This is a rescue story about a semi-feral puppy, Jack. It is also a story about little things accumulated, and the building of our pack.
A few months ago, I watched a documentary, Dog Man, about Dick Russell, a dog trainer from Louisiana. This man made a huge contribution to the dog training field in the U.S. using a technique known as Large Field Socialization, and trained tens of thousands of dogs (and their owners). Dick’s approach to training resonated deeply with my experiences working with rescue dogs, and what I have learned about dog behavior. Using the natural dynamics of the dog pack to assess and train dogs has been on my mind ever since.
I have also been thinking a lot about the benefits of multi-pet households, and especially of keeping several dogs together, provided there is sufficient time to train and space to do so. The Law of the Jungle is true. The strength of the pack is the wolf, and the strength of the wolf is the pack. Dogs are meant to be together. They are good communicators and are hardwired to regulate each other, even those with a history of neglect or mistreatment. In fact, those dogs with historical trauma, and those who are undersocialized, may especially benefit from being with other dogs. The pack can have a marked influence on an individual dog’s behavior. With rescues, it is amazing to watch how quickly they learn from each other. With 4 dogs currently in my home, at varying levels of training and development, I often wonder why ‘the more the merrier’ is not the rallying cry of rescue groups everywhere.
So I had this frame of mind: Dick Russell style Large Field Socialization, pack work, the Law of the Jungle. And all of this informed by a special bond with a recent rescue, our big-headed, giant-hearted, Harley. After Harley, I promised the Universe that I would not hesitate.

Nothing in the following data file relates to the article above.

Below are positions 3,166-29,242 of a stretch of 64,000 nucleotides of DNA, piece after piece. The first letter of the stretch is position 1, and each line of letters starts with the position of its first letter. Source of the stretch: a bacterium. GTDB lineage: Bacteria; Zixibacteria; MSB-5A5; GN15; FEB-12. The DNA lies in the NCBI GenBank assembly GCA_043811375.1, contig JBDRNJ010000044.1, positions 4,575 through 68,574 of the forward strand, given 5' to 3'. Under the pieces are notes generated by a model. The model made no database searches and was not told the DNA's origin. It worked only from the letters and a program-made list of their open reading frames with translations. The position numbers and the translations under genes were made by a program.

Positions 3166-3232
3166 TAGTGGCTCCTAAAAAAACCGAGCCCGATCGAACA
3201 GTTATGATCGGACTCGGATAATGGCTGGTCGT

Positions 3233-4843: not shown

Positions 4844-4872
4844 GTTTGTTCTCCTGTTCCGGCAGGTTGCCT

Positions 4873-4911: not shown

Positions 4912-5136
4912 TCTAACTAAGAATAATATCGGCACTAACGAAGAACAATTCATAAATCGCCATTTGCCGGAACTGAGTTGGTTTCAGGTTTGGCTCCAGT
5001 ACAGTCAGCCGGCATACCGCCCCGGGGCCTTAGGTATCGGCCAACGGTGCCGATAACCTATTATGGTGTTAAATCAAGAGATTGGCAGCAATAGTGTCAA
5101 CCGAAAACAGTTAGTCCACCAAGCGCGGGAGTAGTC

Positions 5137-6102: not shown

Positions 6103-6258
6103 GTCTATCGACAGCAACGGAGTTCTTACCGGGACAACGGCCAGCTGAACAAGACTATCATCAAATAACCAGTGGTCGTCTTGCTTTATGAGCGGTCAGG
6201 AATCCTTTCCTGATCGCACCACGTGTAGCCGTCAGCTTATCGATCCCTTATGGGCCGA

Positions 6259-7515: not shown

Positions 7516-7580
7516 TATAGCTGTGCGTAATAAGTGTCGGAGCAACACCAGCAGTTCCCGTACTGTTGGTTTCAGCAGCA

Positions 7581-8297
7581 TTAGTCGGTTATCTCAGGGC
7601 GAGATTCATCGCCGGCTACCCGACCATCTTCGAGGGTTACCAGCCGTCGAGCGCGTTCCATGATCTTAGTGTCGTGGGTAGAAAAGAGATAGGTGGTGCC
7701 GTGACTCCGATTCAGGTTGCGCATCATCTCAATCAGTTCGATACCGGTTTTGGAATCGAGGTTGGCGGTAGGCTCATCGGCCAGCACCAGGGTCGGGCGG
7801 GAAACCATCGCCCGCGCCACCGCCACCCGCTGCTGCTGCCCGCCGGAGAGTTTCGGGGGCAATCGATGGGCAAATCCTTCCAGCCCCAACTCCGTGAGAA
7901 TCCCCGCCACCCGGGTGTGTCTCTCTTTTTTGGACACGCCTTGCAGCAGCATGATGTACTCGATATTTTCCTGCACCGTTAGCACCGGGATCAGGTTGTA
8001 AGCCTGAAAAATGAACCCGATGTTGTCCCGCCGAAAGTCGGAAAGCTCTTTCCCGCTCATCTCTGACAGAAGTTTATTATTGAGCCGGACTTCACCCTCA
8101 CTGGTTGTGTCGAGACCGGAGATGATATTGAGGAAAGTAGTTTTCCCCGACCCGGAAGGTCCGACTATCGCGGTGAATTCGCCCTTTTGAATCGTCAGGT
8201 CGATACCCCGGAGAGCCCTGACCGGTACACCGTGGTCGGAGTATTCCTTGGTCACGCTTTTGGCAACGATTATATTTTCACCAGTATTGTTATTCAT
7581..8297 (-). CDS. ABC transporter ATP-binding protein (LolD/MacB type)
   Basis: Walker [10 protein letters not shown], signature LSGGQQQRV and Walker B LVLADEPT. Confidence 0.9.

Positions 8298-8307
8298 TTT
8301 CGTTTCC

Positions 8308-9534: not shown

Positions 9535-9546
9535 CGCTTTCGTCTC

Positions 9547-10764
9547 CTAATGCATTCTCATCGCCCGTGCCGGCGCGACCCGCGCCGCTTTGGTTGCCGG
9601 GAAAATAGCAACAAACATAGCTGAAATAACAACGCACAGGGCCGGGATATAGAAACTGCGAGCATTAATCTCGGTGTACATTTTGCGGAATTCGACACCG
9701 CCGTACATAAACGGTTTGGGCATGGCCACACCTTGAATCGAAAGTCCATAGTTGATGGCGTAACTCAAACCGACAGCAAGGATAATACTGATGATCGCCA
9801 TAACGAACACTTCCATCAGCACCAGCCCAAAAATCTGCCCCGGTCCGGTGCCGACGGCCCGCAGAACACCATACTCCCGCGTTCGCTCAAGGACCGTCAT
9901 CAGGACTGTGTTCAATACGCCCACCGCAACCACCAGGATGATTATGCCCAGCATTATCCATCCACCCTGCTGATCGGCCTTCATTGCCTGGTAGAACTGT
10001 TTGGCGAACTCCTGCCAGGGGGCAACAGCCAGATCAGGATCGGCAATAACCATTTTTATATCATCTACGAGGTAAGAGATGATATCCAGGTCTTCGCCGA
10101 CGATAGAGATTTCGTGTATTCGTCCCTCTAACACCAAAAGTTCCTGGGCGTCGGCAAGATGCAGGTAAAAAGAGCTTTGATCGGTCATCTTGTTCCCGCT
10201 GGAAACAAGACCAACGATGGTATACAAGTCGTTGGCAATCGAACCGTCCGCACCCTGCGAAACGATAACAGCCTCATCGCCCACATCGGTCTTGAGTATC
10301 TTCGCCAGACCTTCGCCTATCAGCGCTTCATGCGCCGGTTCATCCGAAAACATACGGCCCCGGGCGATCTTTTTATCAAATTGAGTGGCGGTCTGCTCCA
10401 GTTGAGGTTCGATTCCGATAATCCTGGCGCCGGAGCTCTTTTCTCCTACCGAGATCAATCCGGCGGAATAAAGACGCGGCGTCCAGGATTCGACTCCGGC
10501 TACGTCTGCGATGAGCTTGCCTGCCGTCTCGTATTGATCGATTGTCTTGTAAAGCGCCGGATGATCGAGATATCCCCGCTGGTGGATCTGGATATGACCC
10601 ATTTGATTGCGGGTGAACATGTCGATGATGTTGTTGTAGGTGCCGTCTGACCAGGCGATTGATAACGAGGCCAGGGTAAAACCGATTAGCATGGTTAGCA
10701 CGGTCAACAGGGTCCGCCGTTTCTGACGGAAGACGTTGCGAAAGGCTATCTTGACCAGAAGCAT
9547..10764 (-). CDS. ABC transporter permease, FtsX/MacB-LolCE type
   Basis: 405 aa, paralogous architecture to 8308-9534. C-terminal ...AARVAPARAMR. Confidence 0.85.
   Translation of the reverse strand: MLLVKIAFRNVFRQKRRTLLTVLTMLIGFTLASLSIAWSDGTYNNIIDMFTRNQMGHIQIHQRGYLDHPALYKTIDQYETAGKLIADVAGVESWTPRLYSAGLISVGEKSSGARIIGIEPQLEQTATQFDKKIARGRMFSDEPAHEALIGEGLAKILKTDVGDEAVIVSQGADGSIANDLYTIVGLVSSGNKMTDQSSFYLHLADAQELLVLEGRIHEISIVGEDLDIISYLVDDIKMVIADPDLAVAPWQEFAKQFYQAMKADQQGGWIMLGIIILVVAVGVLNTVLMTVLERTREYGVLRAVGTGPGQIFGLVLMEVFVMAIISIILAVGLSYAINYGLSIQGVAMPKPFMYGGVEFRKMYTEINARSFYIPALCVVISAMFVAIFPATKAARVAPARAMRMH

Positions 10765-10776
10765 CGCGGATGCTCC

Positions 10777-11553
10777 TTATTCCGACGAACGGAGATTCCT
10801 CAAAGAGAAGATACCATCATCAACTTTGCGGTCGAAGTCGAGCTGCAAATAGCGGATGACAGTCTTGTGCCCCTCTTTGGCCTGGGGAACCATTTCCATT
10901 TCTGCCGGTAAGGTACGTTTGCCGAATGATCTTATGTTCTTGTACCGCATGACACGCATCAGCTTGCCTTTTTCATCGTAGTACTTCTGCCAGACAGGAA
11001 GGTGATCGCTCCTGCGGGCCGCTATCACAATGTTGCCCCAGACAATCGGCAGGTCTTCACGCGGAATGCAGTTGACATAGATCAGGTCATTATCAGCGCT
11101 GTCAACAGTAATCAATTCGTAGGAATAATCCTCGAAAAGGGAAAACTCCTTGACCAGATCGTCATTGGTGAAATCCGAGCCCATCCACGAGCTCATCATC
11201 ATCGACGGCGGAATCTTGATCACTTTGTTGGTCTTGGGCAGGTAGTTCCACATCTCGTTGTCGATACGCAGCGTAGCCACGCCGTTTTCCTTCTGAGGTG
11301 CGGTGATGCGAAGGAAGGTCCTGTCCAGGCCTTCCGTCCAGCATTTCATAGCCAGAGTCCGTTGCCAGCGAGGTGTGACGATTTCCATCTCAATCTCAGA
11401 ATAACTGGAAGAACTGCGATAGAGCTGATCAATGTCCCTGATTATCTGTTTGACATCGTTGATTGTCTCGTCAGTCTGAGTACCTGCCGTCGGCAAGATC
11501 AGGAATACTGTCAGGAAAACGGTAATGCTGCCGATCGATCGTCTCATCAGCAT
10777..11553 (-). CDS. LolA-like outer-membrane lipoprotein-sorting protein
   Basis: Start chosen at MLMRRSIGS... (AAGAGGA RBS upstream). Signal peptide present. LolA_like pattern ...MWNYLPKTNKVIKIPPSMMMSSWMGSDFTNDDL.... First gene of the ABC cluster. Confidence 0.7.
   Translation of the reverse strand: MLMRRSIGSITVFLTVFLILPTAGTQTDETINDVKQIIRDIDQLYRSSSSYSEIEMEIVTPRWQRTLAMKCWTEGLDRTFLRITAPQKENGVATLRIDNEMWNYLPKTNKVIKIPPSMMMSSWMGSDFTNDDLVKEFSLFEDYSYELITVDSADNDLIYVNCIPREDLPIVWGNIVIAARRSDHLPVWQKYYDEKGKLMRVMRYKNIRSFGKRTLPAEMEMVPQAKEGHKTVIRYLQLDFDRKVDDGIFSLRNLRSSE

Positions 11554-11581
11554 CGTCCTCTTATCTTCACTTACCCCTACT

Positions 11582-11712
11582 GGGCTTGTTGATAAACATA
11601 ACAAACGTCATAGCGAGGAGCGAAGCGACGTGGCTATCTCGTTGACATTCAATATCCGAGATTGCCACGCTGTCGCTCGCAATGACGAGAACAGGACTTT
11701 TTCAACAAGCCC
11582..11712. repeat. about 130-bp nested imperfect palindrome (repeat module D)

On a Friday in May, a semi-feral puppy walked away from his mom and brother, into a nice gentleman’s yard, where he laid down, dehydrated, exhausted. I went and picked him up, with a healthy dose of hand sanitizer and faith on my side. We were not able to catch the mom or brother, unfortunately.
The little dog did not have much personality. It was clear that he wasn’t feeling well. Carrying him to the car, he just went limp. Very unusual for a 3-4 month old pup—he should have been a squirmy, hyper handful double-tethered to the seatbelt, and not laid out half-asleep on the front seat. A visit to the vet confirmed that he had a bad case of hookworms, and was probably anemic. Flash forward a month: we are currently on the third round of dewormer, so it is a particularly nasty infection.
Carrying the pup inside, I tried to shut down the feelings of affection and tenderness I was having for him. We lost a puppy in 2015 to roundworms, and I know how quickly these infections can turn, even when they are treated and monitored carefully. But the thing about having faith on your side, is that you have opened a door that can never be closed again. The feelings come with that. This is the Law of Love. It takes your whole heart.
We named the little puppy Jack and hoped for the best.
Jack was quickly accepted into our existing pack of three. I had worried a bit about our other male, the very handsome Harley, and how he would take to the little man. I knew deep down that Harley was a gentle soul, and my worries were unfounded. The main reason I worry about Harley is because of the rampant misconceptions about his breed (pit bull). I know the breed, and I know they are not “natural born killers” like the media wants us to believe. But it is my duty in keeping them to prevent any aggressive behavior, to maintain a training and exercise routine, to keep them safe from a culture that has so harshly and superficially judged them.